In On the Come Up, Angie Thomas builds upon the vivid world of Garden Heights that she introduced to readers in her #1 New York Times bestseller debut, The Hate U Give. But this time, instead of Starr Carter narrating this story, readers are introduced to sixteen year old Bri Jackson, daughter of underground rap legend Lawless. Like her father, who was killed in a gang-related shooting when she was little, Bri dreams of becoming a legendary rapper (that is when she’s not taking ACT prep courses or geeking out over tweety bird).
You’ll never silence me and you’ll never kill my dream/just recognize when you say brilliant that you’re also/ saying Bri
I found On the Come Up even more compelling than its blockbuster predecessor, perhaps because of Bri’s similarity to Thomas, who writes in her dust jacket biography that she was once a rapper. However, instead of Bri’s musical ambitions, what stuck out most to me was the conflict between Bri’s upper-middle class arts school and her working class roots.
Although it was only one part of the story, Bri’s school felt in some ways very similar to the school I attend. Just like Bri’s school, my school makes attempts at diversity but clearly struggles with issues relating to race and class. During scenes like a school board meeting or student protest, I couldn’t help thinking, how would this play out at my school? This is where I felt Thomas’ writing shined the most.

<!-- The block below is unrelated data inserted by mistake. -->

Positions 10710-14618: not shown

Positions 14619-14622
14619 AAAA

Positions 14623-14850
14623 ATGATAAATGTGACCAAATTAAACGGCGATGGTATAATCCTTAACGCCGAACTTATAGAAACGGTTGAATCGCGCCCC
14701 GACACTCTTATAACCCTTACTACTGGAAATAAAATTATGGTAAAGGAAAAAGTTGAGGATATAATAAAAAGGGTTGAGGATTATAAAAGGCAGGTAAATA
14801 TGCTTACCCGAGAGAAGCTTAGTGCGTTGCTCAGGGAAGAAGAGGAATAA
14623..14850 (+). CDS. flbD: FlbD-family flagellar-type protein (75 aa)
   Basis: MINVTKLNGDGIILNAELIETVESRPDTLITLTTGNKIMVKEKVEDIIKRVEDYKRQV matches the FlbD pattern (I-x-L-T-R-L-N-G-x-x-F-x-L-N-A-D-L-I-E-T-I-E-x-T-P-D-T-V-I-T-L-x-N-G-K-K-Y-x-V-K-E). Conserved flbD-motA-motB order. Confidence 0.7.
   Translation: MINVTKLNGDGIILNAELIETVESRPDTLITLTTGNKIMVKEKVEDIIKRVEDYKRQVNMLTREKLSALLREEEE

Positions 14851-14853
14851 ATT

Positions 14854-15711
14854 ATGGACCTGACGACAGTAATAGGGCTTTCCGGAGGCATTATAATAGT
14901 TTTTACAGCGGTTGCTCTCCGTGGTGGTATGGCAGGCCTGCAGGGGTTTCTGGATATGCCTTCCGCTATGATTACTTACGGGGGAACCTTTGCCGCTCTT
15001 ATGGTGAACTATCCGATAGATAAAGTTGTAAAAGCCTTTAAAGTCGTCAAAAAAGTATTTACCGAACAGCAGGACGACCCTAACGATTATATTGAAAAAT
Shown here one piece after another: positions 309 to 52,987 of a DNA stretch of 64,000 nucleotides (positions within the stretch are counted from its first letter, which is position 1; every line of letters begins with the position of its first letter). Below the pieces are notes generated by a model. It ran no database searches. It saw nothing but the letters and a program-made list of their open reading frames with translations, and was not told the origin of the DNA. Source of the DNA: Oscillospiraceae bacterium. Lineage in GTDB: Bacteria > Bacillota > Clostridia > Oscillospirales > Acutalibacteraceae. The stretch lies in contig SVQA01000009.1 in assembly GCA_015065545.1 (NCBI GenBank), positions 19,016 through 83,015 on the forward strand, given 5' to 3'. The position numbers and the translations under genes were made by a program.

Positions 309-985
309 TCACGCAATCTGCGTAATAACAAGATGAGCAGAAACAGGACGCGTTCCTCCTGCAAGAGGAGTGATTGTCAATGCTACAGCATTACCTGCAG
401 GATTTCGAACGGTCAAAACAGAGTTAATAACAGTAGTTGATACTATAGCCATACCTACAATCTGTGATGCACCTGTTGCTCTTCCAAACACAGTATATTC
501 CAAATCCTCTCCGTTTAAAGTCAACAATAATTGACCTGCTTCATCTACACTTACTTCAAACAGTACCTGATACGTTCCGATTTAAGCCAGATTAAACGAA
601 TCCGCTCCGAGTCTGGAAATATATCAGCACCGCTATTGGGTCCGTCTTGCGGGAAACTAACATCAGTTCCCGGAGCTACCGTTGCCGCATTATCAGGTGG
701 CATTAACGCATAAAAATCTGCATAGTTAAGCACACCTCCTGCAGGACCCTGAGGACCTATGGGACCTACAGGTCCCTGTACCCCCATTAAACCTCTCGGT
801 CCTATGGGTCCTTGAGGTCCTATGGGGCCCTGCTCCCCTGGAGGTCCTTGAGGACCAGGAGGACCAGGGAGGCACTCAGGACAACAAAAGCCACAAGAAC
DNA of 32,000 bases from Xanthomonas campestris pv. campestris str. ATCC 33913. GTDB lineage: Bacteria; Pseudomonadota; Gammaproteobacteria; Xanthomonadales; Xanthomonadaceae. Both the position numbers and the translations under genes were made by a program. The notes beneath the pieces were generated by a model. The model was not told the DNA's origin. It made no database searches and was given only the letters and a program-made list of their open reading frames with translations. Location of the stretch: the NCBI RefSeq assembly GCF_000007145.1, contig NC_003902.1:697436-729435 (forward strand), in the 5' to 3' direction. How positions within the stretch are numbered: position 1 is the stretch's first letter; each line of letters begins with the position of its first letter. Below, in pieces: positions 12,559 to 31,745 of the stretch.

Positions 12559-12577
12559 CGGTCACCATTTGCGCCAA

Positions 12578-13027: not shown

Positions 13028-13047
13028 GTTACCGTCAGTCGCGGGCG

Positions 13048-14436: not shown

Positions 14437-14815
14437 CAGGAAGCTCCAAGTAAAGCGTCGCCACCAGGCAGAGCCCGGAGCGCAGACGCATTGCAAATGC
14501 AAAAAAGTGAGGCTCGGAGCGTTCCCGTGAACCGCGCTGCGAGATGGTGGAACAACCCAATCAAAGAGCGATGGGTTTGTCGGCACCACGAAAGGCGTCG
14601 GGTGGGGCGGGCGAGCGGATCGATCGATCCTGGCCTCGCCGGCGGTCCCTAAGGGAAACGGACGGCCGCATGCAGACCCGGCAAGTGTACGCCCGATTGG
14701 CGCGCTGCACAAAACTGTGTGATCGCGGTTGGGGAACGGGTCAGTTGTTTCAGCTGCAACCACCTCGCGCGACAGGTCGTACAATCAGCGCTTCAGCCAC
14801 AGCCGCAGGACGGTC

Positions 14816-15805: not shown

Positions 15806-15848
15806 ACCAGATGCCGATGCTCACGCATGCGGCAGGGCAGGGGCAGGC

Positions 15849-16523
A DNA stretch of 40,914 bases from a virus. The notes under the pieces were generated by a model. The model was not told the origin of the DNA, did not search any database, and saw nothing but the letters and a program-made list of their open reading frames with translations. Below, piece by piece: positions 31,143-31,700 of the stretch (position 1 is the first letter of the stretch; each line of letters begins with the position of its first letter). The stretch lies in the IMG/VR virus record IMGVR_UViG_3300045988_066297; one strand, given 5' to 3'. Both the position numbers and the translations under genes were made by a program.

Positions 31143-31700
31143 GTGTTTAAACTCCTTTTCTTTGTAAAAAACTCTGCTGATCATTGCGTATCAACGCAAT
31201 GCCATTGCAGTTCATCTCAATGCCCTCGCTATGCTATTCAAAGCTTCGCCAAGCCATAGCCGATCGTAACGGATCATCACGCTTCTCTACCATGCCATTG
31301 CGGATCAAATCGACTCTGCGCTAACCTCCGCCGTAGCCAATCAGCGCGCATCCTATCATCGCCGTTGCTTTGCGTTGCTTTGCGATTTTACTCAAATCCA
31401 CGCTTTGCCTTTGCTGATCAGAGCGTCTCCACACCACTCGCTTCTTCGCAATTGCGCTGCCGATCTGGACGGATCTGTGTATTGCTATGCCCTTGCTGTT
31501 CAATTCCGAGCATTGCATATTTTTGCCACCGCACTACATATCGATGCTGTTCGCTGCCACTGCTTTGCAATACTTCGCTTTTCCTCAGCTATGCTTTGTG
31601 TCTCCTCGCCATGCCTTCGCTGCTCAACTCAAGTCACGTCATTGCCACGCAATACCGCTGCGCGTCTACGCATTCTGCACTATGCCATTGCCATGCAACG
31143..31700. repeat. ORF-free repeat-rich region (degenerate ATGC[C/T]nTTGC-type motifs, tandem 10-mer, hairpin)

Just like she did in The Hate U Give, Thomas presents ideas of classism and racism in stories, such as a journey to a food pantry or a struggle to find a job after prison, in a way that educates without lecturing. This superpower makes On the Come Up just as necessary as The Hate U Give– but in a completely different way.
My one hesitation with the story comes in its structure. There is no central plot line, instead there is three: a struggle with racism in school, class at home, and ambition all alone. These storylines are all interconnected and equally crucial to the overall plot, but together they gave the book a slowness that I was not expecting.
Overall, One the Come Up was incredible. It blended Thomas’ signature wit and her unflinching commitment to truth as she writes stories where black girls find their voice. I cannot urge you enough to pick it up when it hits shelves February 5.